3. What is maximum price you’d pay for a gallon of gas before it actually impacted your driving habits?  $7?  $10?


11 responses to “Gas Prices…What’s The Big Deal?”

  1. Adrian Hara Avatar
    Adrian Hara

    If you extend the question to non-US people, I can give you an example: in the EU the prices of gas have to be aligned. This means that gas in Germany, for example, costs more or less the same as gas in Romania. But while the medium income in Germany is, say, 1500eur/mo, in Romania it’s 150eur/mo. So there you go 🙂

  2. Lisa Avatar

    I ignore gas prices pretty much. I always overestimate my gas budget for the year since that expense can’t we easily estimated. Yes I have a written household budget… everyone should. If you budget properly, you can plan for variable expenses like gas and not have to worry about it. In regards to gas for driving to vacations – I have vacationed in Corolla a number of times too 🙂 – that just gets rolled in to vacation budget… if gas is higher then guess what, we dont buy wine with dinner a few nights on vacation to stay in budget – tada!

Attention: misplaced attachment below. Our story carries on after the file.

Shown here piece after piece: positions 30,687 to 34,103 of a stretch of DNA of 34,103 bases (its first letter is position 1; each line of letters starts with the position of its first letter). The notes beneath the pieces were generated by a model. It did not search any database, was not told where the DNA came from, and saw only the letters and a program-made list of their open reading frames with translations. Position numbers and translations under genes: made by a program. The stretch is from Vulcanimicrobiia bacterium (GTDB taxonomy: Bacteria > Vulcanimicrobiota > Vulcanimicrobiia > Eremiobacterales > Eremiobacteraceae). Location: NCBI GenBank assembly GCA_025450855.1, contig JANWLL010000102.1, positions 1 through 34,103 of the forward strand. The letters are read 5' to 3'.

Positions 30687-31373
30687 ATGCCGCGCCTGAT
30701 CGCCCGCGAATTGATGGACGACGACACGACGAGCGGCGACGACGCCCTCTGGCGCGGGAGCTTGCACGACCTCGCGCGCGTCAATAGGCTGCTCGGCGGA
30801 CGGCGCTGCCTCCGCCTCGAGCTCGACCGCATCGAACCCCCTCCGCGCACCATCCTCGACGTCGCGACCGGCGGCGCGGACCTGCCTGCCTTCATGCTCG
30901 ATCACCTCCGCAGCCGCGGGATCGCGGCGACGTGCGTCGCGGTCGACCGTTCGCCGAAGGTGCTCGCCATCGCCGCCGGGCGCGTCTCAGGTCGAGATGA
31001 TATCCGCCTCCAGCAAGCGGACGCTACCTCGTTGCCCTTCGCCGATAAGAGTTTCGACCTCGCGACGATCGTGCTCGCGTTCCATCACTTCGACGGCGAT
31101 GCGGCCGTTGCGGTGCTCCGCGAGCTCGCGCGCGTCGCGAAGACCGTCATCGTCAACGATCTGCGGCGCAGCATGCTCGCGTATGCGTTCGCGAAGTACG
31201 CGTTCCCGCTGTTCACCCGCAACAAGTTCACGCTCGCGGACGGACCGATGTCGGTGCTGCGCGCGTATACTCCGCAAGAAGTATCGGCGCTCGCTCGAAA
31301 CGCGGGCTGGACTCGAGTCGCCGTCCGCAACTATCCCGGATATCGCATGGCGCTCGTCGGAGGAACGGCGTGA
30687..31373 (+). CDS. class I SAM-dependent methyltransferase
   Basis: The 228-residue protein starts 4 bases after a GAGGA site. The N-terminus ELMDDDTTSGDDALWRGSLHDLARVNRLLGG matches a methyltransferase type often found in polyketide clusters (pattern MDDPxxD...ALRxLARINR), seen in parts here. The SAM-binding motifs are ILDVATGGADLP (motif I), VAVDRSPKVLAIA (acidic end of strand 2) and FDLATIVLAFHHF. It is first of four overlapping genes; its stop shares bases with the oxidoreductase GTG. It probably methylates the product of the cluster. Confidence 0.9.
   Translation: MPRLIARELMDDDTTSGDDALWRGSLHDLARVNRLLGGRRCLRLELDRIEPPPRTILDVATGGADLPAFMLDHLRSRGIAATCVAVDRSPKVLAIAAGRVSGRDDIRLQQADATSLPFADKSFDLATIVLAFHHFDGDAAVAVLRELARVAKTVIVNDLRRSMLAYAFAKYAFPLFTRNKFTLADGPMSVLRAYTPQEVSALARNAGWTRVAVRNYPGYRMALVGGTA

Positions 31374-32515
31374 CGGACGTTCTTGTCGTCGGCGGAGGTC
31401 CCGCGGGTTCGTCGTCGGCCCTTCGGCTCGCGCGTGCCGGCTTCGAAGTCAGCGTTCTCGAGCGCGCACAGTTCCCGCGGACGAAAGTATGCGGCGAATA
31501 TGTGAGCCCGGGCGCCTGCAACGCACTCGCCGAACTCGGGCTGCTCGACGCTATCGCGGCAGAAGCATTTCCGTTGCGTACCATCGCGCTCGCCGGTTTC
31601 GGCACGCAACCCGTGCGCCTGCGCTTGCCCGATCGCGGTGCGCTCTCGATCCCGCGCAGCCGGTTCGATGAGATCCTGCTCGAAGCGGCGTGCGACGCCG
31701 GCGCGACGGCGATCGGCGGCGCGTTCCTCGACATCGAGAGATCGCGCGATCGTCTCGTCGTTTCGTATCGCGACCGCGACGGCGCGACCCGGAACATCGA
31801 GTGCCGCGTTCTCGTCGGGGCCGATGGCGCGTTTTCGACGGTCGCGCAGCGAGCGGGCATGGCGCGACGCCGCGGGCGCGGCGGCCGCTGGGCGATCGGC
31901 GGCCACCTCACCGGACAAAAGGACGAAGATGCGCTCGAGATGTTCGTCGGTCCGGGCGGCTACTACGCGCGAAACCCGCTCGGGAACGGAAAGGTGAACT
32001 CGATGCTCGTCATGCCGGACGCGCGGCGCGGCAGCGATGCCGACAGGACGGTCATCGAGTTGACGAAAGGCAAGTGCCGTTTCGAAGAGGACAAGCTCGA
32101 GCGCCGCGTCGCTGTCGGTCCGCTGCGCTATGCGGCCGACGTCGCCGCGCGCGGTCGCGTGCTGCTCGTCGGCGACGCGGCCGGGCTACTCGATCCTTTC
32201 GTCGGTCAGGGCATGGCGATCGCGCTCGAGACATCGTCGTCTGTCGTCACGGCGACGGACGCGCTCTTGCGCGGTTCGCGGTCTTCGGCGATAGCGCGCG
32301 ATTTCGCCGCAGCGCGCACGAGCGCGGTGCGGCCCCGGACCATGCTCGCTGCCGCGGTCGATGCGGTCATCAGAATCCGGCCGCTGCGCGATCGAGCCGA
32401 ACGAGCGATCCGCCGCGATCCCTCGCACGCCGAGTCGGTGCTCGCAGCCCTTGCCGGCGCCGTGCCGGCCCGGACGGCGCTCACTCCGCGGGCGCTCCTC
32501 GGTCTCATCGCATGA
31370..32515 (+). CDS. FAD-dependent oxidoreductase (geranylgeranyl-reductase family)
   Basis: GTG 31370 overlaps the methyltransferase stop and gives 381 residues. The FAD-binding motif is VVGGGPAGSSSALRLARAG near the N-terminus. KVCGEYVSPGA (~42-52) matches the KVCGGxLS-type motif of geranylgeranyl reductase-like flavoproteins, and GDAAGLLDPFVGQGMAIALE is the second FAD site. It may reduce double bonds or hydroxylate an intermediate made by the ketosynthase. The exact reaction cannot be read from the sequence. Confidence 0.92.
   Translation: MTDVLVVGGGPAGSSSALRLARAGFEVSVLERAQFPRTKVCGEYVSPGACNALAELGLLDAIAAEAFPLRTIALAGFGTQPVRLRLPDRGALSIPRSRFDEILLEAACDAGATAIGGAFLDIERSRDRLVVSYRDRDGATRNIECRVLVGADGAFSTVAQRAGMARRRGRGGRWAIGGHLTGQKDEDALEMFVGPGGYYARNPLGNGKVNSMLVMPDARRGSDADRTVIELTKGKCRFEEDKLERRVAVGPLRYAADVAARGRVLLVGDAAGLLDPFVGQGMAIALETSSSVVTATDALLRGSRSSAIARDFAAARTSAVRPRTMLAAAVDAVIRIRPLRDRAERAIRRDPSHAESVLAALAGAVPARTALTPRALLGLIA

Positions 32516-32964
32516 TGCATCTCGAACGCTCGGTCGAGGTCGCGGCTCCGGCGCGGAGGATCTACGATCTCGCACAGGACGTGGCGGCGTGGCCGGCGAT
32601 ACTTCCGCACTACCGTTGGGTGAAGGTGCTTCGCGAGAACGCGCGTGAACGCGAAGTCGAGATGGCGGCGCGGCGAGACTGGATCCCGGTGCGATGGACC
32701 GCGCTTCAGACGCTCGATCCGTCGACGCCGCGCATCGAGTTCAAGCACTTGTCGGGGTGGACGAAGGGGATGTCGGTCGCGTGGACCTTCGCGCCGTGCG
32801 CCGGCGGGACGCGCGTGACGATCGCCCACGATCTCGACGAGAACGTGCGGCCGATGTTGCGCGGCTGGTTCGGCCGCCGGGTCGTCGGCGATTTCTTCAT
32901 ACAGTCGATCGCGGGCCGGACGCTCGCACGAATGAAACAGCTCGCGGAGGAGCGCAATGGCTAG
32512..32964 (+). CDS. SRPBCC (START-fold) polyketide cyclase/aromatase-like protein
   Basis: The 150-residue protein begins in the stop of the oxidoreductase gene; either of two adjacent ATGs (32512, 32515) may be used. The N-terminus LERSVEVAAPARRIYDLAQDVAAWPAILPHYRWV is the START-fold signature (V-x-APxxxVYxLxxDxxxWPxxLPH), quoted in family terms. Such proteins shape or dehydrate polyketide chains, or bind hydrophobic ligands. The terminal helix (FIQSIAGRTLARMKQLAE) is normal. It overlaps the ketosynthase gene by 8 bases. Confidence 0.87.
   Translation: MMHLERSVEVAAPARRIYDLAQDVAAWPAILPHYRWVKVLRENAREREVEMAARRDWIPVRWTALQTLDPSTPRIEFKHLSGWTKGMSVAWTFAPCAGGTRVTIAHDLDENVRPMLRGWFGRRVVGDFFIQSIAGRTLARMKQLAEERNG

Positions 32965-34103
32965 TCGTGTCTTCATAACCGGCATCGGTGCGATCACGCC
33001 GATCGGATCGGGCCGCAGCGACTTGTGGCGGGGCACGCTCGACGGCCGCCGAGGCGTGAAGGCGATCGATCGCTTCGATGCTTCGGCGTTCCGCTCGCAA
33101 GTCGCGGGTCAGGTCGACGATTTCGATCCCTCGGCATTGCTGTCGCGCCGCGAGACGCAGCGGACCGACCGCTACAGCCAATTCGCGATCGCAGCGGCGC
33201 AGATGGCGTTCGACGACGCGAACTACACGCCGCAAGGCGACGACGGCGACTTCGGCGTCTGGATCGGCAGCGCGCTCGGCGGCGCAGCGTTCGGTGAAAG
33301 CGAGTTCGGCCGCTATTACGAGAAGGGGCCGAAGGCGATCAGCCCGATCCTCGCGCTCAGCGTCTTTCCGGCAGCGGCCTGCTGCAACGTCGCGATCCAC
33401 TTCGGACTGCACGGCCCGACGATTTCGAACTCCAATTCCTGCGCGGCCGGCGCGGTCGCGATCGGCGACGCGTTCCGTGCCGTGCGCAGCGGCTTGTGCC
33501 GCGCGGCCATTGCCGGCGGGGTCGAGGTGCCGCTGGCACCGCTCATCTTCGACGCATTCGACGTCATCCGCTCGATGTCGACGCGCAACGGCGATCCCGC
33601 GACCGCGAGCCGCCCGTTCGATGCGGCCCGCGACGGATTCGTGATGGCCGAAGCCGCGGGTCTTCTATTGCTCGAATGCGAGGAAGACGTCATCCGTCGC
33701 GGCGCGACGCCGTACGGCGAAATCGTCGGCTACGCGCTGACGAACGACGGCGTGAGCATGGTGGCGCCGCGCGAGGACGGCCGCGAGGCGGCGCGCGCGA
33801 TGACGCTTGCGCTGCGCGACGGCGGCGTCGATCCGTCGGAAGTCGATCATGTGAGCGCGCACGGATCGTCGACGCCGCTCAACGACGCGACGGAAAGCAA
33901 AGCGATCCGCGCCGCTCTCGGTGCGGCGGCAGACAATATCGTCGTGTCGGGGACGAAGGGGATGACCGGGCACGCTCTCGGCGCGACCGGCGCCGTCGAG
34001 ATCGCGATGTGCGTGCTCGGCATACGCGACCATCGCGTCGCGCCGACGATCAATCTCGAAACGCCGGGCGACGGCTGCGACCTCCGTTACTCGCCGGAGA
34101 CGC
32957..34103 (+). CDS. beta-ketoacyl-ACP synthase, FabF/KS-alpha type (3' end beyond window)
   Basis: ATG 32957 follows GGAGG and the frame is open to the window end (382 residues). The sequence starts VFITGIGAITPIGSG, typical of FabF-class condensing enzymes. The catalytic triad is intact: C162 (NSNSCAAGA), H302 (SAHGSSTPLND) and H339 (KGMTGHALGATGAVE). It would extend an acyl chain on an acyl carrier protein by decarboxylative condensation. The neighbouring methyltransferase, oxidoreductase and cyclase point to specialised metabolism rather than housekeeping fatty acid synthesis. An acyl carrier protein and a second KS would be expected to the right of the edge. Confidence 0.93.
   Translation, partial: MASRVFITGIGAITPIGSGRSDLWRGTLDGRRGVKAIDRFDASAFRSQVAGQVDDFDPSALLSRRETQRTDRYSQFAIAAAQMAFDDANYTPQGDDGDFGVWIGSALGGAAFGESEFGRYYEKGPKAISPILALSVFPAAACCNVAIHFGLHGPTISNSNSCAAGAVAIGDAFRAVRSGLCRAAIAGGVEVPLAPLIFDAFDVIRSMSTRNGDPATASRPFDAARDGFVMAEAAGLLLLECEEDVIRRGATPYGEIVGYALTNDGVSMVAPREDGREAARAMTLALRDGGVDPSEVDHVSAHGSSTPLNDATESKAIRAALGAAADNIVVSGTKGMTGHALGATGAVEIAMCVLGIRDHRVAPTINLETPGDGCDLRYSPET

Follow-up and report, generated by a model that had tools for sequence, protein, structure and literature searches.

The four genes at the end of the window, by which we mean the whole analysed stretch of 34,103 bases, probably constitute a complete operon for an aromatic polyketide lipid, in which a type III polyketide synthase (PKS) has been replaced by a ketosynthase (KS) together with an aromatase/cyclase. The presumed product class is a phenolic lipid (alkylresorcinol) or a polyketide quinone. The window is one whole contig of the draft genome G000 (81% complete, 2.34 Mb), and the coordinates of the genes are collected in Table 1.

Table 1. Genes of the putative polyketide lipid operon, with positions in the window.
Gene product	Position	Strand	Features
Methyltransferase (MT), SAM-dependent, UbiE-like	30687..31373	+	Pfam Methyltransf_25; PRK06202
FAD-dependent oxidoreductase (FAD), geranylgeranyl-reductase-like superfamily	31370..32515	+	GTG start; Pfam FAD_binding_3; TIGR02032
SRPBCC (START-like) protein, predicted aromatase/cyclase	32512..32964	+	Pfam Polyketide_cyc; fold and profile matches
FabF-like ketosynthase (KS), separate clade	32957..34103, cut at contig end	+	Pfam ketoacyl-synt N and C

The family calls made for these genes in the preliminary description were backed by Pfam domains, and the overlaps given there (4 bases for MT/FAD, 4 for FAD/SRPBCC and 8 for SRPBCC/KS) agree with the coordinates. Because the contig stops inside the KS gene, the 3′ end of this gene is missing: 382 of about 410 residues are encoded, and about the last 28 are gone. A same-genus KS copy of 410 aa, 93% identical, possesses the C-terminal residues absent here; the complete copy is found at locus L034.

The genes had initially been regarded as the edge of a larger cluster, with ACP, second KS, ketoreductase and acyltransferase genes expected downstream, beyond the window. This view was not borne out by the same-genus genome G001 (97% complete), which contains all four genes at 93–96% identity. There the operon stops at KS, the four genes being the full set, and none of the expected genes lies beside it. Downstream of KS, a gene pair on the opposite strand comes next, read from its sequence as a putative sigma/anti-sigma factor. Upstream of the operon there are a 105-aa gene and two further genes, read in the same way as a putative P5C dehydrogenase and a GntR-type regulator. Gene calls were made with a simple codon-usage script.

What I hate is wasting time driving anywhere. I am always very efficient with my driving. If I know I have to go to CVS to pickup another 2 weeks of Claritin D to survive the Ohio allergy season (thanks to meth heads for not letting me stock up on allergy meds for the entire summer!). I know it is right next to my daughter’s daycare so I leave a few minutes early to go buy my drugs first. Being efficient with where you go when is really what keeps your fuel costs down. Sorry for the long rant, but a number of my friends complain about gas then will drive all over town to run errands…. then go to the same parts of town 3 days later to run errands at different stores, etc …. waste of time, gas, and money!

  3. Lasse Avatar

    Where I live (Denmark) gas prices is well over $8 per gallon peaking at over $9…

    And the Ford Focus you wrote about in a previous post comes in at about $50K… and that’s with no extras at all…